Even from a design standpoint, I can see where either approach may be suitable and appropriate depending on the style of and the way the lugs were filed.
As far as window trim goes I agree with you.
This thread started a while ago and IIRC, there was mention of the original Waterford frame in question having polished stainless steel lugs. I don't know that there would be any practical way of polishing the edges of the lugs and it seems there could be some silver on the edges as well - in that case, it would seem prudent to paint the lug edges from a design and technical point of view.
On another note completely, on the last ride/gathering of vintage/KOF enthusiasts in Atlanta this past Sunday, Rob Weaver (not a CR member) showed up with his recently completed Weigle frame and showed off his new bike and then we all went for a 25 miler. It was the maiden voyage of the new bike. The frame was a very pretty medium green and featured Peter's new religion/old religion frainch(southern pronunciation) rondonneur(sp?) geometry and most beautifully shaped and thinned lug work. We had a great time discussing the quirks of the finest KOF builders and the way they sweat the details. For instance - it took Peter 6 months just to pick the color(wink)! Any how, Rob loves his new bike and the way it rides and Nick Z., Taz T. and I had a great time seeing some beautiful work! Peter will this get me a spot in line? BTW, if you go to the Pacenti website, you will see some of Peter's 2 color bikes painted as Doug F. prefers. (Just fanning the flames)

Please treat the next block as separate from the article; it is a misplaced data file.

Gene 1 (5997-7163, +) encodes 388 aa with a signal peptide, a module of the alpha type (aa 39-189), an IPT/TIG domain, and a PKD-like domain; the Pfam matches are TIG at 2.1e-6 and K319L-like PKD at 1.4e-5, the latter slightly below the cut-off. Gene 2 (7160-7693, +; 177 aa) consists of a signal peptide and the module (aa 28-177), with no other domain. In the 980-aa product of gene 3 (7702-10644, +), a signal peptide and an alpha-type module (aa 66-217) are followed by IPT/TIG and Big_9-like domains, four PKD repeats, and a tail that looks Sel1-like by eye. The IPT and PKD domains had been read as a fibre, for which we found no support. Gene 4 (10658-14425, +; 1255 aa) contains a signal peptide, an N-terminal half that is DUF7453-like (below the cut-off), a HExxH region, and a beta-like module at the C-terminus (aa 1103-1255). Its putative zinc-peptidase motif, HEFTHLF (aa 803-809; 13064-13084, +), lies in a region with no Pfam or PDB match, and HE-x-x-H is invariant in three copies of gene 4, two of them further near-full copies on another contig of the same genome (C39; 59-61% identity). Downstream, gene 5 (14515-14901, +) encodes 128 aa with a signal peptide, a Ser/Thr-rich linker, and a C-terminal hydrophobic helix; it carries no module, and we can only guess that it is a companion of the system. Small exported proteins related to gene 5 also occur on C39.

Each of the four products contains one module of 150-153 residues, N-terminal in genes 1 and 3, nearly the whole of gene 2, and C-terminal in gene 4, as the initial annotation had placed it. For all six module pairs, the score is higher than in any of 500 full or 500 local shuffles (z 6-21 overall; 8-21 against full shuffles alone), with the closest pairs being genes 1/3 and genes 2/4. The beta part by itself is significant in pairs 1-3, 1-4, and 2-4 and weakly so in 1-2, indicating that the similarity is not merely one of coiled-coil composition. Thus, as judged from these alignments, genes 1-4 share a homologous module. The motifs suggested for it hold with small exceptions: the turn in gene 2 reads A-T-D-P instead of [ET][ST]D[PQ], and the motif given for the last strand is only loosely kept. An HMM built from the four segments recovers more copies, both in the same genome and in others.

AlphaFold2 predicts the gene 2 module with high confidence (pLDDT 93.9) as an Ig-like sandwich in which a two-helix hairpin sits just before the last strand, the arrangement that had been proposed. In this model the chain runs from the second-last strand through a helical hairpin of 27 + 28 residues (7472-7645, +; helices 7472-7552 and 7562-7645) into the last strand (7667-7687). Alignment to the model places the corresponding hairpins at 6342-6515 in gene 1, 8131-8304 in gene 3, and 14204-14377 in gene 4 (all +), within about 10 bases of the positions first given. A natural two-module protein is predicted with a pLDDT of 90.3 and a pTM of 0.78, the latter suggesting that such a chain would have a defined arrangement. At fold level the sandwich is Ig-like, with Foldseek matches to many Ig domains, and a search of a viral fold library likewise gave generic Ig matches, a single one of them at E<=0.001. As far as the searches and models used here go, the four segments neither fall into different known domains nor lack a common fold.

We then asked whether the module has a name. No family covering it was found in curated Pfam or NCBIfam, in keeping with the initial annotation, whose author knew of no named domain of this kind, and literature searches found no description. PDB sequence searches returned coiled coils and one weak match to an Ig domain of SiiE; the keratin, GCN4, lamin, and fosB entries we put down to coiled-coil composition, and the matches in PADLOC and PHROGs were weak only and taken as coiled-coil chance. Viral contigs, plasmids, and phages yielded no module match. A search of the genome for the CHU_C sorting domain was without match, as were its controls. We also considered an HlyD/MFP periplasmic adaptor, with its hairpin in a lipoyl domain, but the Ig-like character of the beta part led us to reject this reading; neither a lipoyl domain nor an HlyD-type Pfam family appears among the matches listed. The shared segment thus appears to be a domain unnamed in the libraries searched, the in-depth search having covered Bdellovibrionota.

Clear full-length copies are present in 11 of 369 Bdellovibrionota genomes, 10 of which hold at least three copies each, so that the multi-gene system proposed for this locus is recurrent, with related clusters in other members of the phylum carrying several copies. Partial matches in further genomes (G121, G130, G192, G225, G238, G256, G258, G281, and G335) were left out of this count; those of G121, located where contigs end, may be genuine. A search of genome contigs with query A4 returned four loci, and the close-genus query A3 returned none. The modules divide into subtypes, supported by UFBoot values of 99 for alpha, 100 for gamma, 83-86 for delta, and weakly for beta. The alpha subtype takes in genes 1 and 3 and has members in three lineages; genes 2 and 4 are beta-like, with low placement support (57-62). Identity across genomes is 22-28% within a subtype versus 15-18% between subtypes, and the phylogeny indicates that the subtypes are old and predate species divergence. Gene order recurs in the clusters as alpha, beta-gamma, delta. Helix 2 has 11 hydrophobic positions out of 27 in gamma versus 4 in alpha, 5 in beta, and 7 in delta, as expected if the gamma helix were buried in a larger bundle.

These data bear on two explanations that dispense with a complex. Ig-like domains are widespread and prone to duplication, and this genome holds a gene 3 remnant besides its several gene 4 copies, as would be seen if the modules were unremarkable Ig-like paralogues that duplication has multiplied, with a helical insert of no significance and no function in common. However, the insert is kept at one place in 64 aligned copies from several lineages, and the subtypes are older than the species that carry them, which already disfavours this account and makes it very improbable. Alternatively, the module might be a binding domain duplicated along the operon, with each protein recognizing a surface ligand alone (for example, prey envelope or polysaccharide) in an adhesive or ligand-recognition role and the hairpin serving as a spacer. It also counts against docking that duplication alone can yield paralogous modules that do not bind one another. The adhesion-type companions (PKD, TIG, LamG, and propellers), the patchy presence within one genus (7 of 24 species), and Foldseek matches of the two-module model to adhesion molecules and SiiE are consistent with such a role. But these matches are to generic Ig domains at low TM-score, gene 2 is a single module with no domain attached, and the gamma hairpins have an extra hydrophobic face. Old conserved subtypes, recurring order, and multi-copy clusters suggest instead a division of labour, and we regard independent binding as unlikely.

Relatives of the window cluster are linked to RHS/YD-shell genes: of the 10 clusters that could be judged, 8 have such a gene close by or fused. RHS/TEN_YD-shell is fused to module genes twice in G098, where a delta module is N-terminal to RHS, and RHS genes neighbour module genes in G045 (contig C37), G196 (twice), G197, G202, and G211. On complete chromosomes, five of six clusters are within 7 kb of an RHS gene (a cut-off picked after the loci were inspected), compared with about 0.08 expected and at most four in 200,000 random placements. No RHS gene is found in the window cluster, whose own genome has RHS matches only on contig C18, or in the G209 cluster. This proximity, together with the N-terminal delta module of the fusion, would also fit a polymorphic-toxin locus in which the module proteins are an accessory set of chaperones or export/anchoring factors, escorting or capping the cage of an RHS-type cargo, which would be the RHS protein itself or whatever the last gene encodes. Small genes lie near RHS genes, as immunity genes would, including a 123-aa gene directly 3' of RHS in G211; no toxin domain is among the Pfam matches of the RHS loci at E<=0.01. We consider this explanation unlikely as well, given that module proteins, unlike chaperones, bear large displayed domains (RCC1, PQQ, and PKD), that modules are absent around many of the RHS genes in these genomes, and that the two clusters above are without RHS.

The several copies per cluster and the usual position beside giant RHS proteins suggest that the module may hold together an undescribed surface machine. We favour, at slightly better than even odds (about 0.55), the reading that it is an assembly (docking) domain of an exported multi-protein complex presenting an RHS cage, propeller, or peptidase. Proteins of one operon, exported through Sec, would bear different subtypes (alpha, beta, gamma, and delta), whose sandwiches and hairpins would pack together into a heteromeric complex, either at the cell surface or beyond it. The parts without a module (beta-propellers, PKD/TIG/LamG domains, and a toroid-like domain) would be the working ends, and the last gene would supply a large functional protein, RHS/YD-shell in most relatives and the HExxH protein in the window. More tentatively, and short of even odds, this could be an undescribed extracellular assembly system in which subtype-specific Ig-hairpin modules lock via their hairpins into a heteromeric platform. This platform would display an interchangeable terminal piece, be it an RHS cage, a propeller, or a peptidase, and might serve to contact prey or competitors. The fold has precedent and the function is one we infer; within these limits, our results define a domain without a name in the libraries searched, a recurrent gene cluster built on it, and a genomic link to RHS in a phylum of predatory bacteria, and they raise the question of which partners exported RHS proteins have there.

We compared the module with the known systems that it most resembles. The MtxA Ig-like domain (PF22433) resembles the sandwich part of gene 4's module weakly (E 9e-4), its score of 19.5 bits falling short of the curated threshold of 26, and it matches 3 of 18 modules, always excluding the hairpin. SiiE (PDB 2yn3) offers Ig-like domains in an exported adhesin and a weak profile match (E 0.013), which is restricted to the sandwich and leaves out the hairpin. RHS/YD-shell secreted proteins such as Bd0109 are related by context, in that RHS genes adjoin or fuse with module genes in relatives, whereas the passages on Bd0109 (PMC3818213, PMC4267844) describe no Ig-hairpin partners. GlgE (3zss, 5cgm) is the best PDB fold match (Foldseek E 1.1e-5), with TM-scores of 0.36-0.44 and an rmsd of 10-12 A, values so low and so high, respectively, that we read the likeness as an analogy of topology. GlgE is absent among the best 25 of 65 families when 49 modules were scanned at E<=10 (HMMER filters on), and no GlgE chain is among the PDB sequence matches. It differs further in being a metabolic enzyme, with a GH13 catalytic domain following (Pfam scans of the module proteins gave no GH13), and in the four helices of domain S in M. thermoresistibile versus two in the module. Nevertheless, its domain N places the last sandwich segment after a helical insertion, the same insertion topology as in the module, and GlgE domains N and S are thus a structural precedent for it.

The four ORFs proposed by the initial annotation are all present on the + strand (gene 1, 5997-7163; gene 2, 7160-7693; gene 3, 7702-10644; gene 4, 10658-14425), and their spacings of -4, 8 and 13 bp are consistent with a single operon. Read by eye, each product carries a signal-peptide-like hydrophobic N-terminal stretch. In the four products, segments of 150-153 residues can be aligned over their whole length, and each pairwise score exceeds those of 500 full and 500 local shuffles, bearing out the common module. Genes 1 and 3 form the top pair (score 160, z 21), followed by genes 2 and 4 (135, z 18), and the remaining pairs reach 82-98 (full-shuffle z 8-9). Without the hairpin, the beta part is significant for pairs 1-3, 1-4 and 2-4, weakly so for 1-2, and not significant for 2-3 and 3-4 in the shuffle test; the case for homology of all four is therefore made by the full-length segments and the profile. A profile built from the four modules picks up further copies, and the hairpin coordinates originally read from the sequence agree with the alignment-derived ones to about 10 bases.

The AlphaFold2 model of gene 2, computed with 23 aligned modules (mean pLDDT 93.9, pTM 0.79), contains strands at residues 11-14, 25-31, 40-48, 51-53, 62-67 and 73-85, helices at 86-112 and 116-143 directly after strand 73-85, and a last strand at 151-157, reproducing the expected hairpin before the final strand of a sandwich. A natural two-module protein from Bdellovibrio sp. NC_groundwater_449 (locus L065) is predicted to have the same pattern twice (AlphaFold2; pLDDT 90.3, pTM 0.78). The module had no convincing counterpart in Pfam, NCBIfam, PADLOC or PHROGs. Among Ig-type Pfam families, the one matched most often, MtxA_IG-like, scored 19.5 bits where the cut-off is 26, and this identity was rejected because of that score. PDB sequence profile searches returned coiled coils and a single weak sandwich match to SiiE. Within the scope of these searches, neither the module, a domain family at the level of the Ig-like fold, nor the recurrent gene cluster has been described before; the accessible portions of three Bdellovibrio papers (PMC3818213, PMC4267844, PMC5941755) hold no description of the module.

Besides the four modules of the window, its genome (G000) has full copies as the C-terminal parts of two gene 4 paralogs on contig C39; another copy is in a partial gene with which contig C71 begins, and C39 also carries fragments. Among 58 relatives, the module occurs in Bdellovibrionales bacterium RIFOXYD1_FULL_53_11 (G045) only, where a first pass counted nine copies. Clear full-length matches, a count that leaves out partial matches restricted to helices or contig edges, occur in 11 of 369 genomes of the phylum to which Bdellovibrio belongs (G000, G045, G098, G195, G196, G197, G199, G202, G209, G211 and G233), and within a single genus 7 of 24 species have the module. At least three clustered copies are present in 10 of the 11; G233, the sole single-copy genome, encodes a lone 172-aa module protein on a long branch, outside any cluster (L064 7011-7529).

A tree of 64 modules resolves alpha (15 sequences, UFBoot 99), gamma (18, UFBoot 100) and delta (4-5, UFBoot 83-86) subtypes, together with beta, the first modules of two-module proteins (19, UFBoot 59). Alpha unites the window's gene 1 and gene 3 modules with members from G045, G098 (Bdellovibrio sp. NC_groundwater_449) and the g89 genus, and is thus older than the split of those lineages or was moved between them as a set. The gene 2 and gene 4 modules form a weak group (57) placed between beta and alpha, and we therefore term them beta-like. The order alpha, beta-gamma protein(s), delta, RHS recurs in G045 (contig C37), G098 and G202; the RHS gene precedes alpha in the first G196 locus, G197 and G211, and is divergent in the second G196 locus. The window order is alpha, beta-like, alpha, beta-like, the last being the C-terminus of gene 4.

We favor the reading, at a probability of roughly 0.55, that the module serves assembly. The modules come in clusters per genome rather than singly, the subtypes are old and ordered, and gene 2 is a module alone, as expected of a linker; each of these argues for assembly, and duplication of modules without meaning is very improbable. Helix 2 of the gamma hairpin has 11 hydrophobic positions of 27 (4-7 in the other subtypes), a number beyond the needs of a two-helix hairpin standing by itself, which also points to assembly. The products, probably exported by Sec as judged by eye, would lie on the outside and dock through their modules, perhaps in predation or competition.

Roman Stankus Atlanta, Ga.
-----Original Message----- From: email@example.com [mailto:firstname.lastname@example.org] On Behalf Of BobHoveyGa@aol.com Sent: Monday, November 21, 2005 11:36 AM To: email@example.com Subject: [CR]re: painting a second color on a frame..
> I paint it this way because it is the look I like the best. I would hope that the dominate opinions of this elite list would allow that where a 2nd color transitions is a matter of personal taste rather than a best/poor way of doing it.
You're a great painter and I love talking up your work to almost everyone I meet, so my opinion is not in anyway intended to be a criticism of your incredible painting skills. But I'm with Charles and Jamie... for me it' s not just a matter of personal taste, I think there is a logical reason supported by principles of good design. A bike is composed of parts... the lug is a
discreet part and the head tube is a discreet part. Logically it makes mor e sense and visually it just looks better to have each part painted its own color.
The final effect is volumetric... i.e., it emphasizes the complete form of e ach structure. On the other hand, painting just the surface of the lug shifts the emphasis to the skin-like structure of the coat of paint itself. To me , this is a distraction from the overall form of the bike.
I've seen house painters wrestle with the same problem when painting clapboard houses... where the clapboards run into the vertical trim at the c orners of the house and door/window moldings, common practice is to paint up the edge because stopping at the zigzag line formed by the ends of the clapboards is far more time consuming. But some painters will go to the extra trouble, leavi ng the sides of moldings the same color as their surfaces... and it always look s nicer.